# Question on uncertainty principle

1. Dec 31, 2011

### annie122

If I understand correctly, the uncertainty principle works, because in order to measure the position accurately, you need a smaller wavelength. But observing with a particle with smaller wavelength means observing with a particle with larger momentum. Therefore, when the observation is made by hitting the thing you want to observe with the observing particle, the more precise the measurement of position is, the observed thing is hit with a larger momentum, making the momentum of the observed larger, or in other words, uncertain.
(I'm also not sure if my usage of the word "uncertain" is proper.)

But how can you make a position of measurement precise, if what is observed gets a big momentum kick?

Is it that although the observed thing's momentum becomes large/uncertain AFTER the observation is made, it is still the value before it is hit by the observing particle AT THE VERY INSTANT the observation is made?

2. Jan 1, 2012

### danR

My understanding is that it is much more fundamental than measurement: that the simultaneous 'exact' position and momentum do not even exist.

3. Jan 1, 2012

### eaglelake

You can measure the position accurately by passing it through a narrow slit. There is no wavelength involved in this position measurement, but, localizing the particle at the slit “causes” an uncertainty in momentum. This is a purely quantum mechanical effect with no classical explanation. Using the same narrow slit, if you repeatedly measure the momentum, you will get many different momentum values. Getting many different values of the momentum means that there is an uncertainty in the momentum. The only way to determine if there is an uncertainty in the momentum is to make many momentum measurements with an identical experimental apparatus. If you always get the same momentum result, then there is no uncertainty; $$\Delta p = 0$$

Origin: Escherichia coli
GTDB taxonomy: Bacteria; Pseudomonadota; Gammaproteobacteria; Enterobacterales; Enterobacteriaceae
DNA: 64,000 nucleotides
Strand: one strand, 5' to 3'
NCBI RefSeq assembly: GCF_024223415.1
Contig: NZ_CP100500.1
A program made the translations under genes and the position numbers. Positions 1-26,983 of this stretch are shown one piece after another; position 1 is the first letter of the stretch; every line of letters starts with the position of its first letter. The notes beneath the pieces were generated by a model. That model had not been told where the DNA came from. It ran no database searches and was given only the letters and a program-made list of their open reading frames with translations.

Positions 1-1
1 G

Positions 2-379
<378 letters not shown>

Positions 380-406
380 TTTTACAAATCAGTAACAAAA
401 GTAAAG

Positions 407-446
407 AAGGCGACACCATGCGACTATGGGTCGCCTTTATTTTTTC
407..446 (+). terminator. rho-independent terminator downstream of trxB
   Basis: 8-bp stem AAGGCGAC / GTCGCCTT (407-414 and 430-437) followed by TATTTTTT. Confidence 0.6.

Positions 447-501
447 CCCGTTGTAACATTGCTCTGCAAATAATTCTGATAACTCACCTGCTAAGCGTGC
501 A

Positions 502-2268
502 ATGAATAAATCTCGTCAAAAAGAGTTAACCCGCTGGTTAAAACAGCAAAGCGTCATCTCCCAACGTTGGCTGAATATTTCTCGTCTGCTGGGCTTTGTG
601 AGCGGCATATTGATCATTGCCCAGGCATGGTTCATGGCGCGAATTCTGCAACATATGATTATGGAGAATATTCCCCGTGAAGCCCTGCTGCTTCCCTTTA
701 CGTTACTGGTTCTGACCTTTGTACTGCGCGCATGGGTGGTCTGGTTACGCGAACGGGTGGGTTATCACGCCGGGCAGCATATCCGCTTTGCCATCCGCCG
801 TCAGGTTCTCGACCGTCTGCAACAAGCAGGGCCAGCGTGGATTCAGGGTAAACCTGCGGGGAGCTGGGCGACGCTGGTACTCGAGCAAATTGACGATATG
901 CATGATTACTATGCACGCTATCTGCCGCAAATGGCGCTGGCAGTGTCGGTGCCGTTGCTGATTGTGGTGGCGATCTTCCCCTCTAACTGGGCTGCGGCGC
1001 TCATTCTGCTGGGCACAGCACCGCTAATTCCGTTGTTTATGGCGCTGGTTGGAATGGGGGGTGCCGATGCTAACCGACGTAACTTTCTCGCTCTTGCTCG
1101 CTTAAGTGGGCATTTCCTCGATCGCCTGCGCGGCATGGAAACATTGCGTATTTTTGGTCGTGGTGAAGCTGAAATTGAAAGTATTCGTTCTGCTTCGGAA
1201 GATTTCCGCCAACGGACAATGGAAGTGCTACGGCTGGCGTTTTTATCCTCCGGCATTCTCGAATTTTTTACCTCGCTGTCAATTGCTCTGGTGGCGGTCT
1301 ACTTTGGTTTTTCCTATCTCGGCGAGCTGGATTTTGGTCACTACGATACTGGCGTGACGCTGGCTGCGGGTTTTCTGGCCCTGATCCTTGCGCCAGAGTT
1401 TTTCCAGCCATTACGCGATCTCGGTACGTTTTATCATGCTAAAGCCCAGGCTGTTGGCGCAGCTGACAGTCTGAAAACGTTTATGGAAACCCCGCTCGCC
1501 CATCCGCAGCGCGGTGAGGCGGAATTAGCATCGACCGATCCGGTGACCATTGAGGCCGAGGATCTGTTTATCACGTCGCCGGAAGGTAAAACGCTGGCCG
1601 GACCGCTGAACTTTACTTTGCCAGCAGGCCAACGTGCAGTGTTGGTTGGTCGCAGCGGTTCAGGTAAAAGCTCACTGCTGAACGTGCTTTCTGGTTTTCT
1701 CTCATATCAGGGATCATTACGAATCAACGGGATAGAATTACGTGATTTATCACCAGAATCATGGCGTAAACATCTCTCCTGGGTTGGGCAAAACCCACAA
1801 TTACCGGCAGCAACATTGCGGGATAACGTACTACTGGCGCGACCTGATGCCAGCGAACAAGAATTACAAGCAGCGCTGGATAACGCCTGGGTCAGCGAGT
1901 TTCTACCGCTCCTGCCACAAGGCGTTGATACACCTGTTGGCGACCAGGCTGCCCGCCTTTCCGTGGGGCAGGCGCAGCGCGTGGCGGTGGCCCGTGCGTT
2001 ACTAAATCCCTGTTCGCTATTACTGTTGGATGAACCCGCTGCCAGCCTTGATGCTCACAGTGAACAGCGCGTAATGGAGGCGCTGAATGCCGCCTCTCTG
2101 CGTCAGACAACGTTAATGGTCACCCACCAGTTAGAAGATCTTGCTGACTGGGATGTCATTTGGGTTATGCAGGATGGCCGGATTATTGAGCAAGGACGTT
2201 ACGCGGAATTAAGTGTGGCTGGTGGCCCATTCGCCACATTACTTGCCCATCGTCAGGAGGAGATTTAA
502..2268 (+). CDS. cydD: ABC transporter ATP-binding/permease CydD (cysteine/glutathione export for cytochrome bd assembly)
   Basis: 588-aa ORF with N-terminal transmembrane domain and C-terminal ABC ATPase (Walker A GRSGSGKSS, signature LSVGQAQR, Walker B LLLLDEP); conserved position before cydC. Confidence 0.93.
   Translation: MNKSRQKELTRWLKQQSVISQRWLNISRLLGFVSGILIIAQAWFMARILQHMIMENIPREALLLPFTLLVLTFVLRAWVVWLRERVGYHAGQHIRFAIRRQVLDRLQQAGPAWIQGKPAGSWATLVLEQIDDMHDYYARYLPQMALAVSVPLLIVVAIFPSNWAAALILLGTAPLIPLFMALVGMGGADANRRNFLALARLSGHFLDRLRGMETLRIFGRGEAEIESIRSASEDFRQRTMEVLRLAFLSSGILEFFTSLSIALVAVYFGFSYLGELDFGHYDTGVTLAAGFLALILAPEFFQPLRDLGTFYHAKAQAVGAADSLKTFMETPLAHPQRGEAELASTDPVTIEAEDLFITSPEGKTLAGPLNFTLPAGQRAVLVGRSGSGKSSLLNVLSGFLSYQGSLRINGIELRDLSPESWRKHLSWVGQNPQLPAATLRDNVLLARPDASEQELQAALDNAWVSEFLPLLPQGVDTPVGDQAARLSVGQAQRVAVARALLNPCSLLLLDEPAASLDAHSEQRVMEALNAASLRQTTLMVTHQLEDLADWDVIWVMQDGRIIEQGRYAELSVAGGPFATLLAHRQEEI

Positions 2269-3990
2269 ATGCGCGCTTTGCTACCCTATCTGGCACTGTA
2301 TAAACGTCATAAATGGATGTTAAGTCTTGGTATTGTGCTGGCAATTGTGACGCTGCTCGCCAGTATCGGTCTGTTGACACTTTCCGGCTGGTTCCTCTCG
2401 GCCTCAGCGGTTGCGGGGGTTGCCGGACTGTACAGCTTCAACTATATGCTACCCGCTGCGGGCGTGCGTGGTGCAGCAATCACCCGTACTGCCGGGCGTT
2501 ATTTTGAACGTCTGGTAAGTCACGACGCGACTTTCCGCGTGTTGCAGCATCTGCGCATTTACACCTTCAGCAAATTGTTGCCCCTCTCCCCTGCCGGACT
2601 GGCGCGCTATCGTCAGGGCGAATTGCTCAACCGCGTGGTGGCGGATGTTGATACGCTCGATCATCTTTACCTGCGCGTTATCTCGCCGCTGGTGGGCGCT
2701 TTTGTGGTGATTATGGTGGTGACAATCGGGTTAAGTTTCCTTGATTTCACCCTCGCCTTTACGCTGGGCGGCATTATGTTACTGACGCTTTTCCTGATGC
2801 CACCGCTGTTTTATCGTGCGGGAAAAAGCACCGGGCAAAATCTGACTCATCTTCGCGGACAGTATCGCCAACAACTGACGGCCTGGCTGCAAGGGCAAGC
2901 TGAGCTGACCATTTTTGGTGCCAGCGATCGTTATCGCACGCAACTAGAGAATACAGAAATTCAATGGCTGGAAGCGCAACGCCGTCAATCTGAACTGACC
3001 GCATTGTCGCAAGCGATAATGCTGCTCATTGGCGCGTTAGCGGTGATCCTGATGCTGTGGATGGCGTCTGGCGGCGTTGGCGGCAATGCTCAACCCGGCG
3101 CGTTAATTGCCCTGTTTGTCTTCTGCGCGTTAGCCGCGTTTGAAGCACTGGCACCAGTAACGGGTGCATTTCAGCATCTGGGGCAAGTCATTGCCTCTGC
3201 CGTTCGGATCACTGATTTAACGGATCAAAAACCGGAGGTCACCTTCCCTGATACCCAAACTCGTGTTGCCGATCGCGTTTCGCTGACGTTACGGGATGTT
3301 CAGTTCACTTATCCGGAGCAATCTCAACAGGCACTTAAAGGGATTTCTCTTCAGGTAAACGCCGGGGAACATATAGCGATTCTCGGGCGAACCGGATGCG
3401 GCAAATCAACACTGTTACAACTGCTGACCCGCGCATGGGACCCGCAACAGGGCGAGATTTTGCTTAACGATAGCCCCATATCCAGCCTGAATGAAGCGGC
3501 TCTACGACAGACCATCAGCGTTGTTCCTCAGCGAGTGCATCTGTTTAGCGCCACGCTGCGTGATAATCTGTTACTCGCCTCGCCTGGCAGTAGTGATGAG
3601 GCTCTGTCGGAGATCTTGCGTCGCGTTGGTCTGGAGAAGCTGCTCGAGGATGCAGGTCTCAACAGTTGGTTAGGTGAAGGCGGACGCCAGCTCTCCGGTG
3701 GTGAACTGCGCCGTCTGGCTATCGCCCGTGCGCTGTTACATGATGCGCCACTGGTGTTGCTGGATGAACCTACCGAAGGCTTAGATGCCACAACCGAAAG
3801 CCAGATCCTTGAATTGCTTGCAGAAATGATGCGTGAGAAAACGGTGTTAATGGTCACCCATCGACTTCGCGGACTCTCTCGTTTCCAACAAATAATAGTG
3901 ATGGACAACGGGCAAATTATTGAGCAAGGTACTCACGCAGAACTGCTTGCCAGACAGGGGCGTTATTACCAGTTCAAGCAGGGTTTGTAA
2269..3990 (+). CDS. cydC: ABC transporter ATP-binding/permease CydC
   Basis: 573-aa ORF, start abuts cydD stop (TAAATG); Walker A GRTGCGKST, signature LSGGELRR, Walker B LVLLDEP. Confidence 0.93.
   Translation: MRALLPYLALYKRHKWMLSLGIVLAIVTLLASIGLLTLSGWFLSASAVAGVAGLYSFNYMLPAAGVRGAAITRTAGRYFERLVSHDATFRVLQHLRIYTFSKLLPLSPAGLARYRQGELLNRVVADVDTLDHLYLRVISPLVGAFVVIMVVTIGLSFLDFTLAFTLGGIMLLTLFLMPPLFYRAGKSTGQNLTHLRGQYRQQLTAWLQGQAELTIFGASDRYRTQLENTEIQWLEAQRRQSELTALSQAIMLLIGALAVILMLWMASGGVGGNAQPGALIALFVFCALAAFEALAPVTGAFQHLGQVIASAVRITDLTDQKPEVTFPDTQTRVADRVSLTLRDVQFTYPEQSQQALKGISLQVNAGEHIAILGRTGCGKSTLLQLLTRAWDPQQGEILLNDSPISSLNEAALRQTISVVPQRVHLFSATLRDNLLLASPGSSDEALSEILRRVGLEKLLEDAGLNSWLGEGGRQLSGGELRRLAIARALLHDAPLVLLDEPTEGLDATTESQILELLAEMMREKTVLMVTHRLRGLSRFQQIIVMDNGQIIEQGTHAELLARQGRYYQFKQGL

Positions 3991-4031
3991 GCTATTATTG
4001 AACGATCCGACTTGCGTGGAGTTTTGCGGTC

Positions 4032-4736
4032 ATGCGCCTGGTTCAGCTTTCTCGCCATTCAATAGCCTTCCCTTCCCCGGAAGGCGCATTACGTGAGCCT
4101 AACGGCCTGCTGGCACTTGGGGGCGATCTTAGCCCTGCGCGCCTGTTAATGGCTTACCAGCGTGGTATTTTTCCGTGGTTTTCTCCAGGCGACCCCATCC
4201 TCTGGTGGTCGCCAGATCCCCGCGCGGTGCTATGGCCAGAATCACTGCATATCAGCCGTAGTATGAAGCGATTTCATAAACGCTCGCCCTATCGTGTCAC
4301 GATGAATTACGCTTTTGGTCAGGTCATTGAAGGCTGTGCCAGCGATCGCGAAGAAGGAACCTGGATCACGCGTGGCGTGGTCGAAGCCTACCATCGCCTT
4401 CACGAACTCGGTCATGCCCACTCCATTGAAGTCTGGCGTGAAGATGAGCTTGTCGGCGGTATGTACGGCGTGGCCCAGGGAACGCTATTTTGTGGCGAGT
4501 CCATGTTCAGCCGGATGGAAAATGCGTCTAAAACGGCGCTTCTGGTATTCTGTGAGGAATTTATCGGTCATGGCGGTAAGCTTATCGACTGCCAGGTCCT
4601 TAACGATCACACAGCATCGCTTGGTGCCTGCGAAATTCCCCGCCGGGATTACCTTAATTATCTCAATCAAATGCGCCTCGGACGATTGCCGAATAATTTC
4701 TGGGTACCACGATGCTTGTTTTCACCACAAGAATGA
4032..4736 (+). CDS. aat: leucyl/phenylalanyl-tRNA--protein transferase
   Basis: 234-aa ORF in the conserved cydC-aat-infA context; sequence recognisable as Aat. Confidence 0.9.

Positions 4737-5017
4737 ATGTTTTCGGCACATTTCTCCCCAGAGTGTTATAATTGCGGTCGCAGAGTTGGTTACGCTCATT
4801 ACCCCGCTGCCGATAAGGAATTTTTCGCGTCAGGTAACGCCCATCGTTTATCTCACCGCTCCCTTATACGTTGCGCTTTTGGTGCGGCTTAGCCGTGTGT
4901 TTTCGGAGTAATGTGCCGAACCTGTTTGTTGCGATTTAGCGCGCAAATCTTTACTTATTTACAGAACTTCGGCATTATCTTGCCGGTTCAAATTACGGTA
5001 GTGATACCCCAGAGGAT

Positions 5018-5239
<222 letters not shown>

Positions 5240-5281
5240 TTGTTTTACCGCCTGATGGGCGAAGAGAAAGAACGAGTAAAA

The uncertainty in momentum has nothing to do with how big the momentum value is. In fact it has nothing to do with how you make the measurement. It is determined by the experimental apparatus. Knowing the corresponding wavefunction, you can then calculate the momentum uncertainty for that particular experiment. What we call ‘uncertainty’ in quantum mechanics is called the ‘standard deviation’ in classical statistics.

You are correct: We know the momentum only at the instant the particle is detected. But, a single measurement tells us nothing about the uncertainty.

Best wishes